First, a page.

eSports — a niche that will grow to $1.5 billion by 2020


We all like sports — basketball, football or cricket, in some cases these sports hold titles like “national religion” in some countries. These days, young athletes switch up their basketballs for computer mouse’s and keyboards to play a computer game professionally. In a tournament. Sounds about right, don’t you think?
These multiplayer video game competitions would determine League of Legends champions, the greatest shooters in Call of Duty, the cream of the crop of Street Fighter players, the elite Dota 2 competitors, and more.
But today, as the history of eSports continue to unfold, media giants such as ESPN and Turner are broadcasting eSports tournaments and competitions. And in 2014, Amazon acquired Twitch, the live streaming video platform that has been and continues to be the leader in online gaming broadcasts. And YouTube also wanted to jump on the live streaming gaming community with the creation of YouTube Gaming.

Today we would like to start our weekly eSports analysis were we will talk about different topics related to eSports, its growth and different titles. Follow us on Medium to get updated everytime we publish our weekly eSports article!
eSports are a form of competition using video games. Most commonly, eSports take the form of organized, multiplayer video game competitions, particularly between professional players. The most common video game genres associated with eSports are real-time strategy (RTS), first-person shooter (FPS), fighting, and multiplayer online battle arena (MOBA). Tournaments such as The International, the League of Legends World Championship, the Evolution Championship Series and the Intel Extreme Masters provide live broadcasts of the competition, and prize money to competitors.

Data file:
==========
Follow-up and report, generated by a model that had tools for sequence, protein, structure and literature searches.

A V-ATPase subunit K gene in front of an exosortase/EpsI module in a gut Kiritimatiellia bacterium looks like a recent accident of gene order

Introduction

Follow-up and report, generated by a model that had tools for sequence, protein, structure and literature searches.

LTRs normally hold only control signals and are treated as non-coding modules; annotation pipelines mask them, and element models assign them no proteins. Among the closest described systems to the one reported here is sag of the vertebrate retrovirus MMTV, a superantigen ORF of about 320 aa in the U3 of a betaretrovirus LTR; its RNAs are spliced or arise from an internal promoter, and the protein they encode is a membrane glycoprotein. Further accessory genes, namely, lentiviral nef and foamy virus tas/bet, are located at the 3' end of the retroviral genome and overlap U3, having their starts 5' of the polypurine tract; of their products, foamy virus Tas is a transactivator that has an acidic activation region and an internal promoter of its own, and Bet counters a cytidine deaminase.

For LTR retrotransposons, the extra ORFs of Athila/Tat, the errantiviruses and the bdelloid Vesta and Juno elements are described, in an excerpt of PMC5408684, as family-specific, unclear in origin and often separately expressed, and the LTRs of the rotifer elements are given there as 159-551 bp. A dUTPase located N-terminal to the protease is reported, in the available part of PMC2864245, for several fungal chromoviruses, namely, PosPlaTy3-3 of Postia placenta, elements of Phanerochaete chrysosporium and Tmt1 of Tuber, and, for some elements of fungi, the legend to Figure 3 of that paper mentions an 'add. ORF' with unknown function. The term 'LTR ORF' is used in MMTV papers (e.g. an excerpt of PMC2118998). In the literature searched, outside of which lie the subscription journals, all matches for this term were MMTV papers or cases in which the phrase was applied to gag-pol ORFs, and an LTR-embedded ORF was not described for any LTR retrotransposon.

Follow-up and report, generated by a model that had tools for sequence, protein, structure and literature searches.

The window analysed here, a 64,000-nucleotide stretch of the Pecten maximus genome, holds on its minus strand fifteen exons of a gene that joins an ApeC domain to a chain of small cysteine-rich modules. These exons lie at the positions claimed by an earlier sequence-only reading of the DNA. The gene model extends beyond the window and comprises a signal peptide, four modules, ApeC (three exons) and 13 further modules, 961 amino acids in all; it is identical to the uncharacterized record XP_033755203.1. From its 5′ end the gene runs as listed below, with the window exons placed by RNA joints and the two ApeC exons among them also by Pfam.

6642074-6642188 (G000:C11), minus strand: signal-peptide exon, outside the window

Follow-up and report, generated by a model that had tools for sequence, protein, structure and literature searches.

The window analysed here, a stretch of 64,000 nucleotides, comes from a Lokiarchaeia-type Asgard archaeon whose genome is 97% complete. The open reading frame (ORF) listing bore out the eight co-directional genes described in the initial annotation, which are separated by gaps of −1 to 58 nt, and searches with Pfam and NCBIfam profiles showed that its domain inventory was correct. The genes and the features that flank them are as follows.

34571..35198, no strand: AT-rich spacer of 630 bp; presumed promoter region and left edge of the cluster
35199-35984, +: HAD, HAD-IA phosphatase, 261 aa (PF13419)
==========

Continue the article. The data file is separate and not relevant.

Although organized online and offline competitions have long been a part of video game culture, these were largely between amateurs until the late 2000s when participation by professional gamers and spectatorship in these events saw a large surge in popularity. Many game developers now actively design toward a professional eSport subculture.
The earliest known video game competition took place on 19 October 1972 at Stanford University for the game Spacewar. Stanford students were invited to an “Intergalactic spacewar olympics” whose grand prize was a year’s subscription for Rolling Stone, with Bruce Baumgart winning the five-man-free-for-all tournament and Tovar and Robert E. Maas winning the Team Competition. The Space Invaders Championship held by Atari in 1980 was the earliest large scale video game competition, attracting more than 10,000 participants across the United States, establishing competitive gaming as a mainstream hobby.
The eSports market is experiencing a rapid growth, despite being in its formative stage. In 2016, worldwide revenues generated in the eSports market amounted to 492.7 million U.S. dollars. By 2020, the market is expected to generate over 1.48 billion U.S. dollars in revenues, which indicates a compound annual growth rate of 32 percent. These revenues came from betting, prize pools and tournaments, but overwhelmingly from sponsorship and advertising, which brought in almost 661 million U.S. dollars in 2016. In terms of revenue, Asia was the biggest eSports market overall, followed by North America and Europe.